Whether you’re moving here from overseas, interstate, or you’ve grown up in Sydney, there are various weekly and monthly outgoings you'll need to budget for. These are some examples.
- Accommodation (which may or may not include your electricity and internet bills)
- Mobile (cell) phone
- Food and drink
- Lifestyle, clothing and entertainment
- Insurance (such as overseas health cover if you are an international student)
- Childcare / school fees if you are a parent or carer
The Australian government website MoneySmart has lots of information and advice about a range of financial issues, including a section specifically for students on how to live on student budget.
For international students, the Department of Home Affairs have financial obligations you must comply with. As a single student you must be able to show you have the financial capacity to cover living costs of at least $20,290 Australian dollars per year. There are additional costs for extra family members.
Using this amount as a guide, a single student living away from home will require at least $1,690 per month for accommodation, food, utilities and entertainment. The actual costs will depend on your lifestyle choices and needs.
Additional living costs
The Australian government website Study in Australia estimates general living costs for students, including:
Food and groceries
- A weekly grocery bill for one person is usually between $80 - $280. You can save money by buying groceries at supermarkets including Coles, Woolworths and Aldi. Shopping at fresh food markets like Paddy's Market can save you money too.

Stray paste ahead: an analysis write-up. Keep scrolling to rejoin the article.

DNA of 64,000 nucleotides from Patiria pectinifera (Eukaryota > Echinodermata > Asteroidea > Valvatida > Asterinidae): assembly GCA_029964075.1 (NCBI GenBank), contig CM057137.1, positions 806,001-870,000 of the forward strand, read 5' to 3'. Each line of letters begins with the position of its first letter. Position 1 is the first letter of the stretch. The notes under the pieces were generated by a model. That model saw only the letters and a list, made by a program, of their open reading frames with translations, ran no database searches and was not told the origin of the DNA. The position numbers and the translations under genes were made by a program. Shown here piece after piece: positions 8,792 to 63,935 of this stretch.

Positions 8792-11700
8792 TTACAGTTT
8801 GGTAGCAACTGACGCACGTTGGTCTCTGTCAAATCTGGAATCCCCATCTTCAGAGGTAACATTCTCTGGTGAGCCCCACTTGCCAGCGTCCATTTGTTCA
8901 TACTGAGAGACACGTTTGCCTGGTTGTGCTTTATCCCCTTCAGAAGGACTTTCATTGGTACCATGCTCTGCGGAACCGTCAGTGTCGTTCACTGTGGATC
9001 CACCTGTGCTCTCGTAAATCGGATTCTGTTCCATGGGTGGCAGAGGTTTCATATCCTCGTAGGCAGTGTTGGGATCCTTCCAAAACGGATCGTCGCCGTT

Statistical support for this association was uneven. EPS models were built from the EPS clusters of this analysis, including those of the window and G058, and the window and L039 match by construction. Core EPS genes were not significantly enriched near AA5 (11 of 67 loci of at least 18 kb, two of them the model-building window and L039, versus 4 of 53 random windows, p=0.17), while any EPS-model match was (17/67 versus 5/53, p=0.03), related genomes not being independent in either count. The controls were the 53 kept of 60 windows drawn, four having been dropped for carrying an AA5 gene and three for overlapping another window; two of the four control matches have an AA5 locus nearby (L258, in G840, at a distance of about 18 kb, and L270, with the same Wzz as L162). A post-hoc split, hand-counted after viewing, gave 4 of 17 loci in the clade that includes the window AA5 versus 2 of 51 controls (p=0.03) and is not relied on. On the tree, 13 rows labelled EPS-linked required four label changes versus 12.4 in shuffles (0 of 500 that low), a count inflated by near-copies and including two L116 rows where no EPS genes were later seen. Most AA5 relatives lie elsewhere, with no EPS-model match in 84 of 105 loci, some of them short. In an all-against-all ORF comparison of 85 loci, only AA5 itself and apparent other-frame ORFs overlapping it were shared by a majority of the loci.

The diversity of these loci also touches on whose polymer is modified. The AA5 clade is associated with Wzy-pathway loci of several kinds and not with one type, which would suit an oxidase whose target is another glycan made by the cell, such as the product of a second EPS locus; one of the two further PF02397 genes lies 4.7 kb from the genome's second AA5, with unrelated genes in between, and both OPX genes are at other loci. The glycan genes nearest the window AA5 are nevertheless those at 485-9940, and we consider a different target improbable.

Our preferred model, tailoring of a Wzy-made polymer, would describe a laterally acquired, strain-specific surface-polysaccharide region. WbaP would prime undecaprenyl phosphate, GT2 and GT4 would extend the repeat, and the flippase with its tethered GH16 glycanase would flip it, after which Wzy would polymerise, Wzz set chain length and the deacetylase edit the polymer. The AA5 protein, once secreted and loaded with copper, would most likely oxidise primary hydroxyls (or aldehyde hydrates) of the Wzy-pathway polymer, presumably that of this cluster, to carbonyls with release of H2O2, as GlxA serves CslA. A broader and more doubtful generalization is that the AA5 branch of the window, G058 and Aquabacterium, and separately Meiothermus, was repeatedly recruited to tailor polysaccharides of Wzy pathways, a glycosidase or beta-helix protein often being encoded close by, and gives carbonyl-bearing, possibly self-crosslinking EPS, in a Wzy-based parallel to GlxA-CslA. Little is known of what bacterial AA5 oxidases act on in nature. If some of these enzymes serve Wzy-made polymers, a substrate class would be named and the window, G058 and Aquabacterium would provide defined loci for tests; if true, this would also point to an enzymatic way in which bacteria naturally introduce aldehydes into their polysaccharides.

- Buying lunch on campus is a more expensive option, with most meals costing $10-15 each. Join the USU Access Rewards program and get 10 percent discount to purchase food and drinks at USU food outlets on campus.
- Put aside around $80-150 per week for entertainment and socialising. Lots of places including movie cinemas offer student discounts so keep your student card with you.
- Don't forget to budget for other incidental expenses like clothes, shoes and toiletries.
- Expenses may vary depending on your lifestyle.
- You may need to purchase equipment for university, including stationary and study materials such as textbooks and laboratory coats. Essential items are listed in your Unit of Study Outline. Have at least $500 available at the beginning of each semester and keep an eye out for second-hand textbooks (make sure they are the right edition) and supplies to save money.
- Printing and photocopying cost around 10 cents per page.
- According to Tutor Finder, private tutoring costs range from $50-80 an hour, but mentoring support may be available through the University.
- Access public transport with an Opal card. You can order a card online or buy from a registered retailer. Single trip tickets are available at retailers and train stations.
- If you’re a full-time domestic student, you may be eligible for a concession Opal card. Have your student card with you as proof whenever you travel.
- International students are currently not eligible for concession tickets.
- Overseas Student Health Cover is compulsory for international students. Costs will depend on your insurance provider and your level of cover. Check with your insurance provider for rates for your selected cover.
- You may have additional costs including fees for specialists and prescription medications.
- Alternative forms of coverage are available for non-student visa holders. Please check with a provider for details.
According to Care for Kids:
- The average cost of long daycare (8am to 6pm) in Sydney are approximately between $70-190 per day. Some students may be eligible for government subsidies.
- Before school and after school care costs around $15-30 per day.
- Public school tuition is free for Australian permanent residents however, uniforms and levies can cost about $500 a year.
- Private schools may charge additional fees.
- If you're an international student with school-age dependents in Australia, visit the Department of Education for approximate costs of schooling.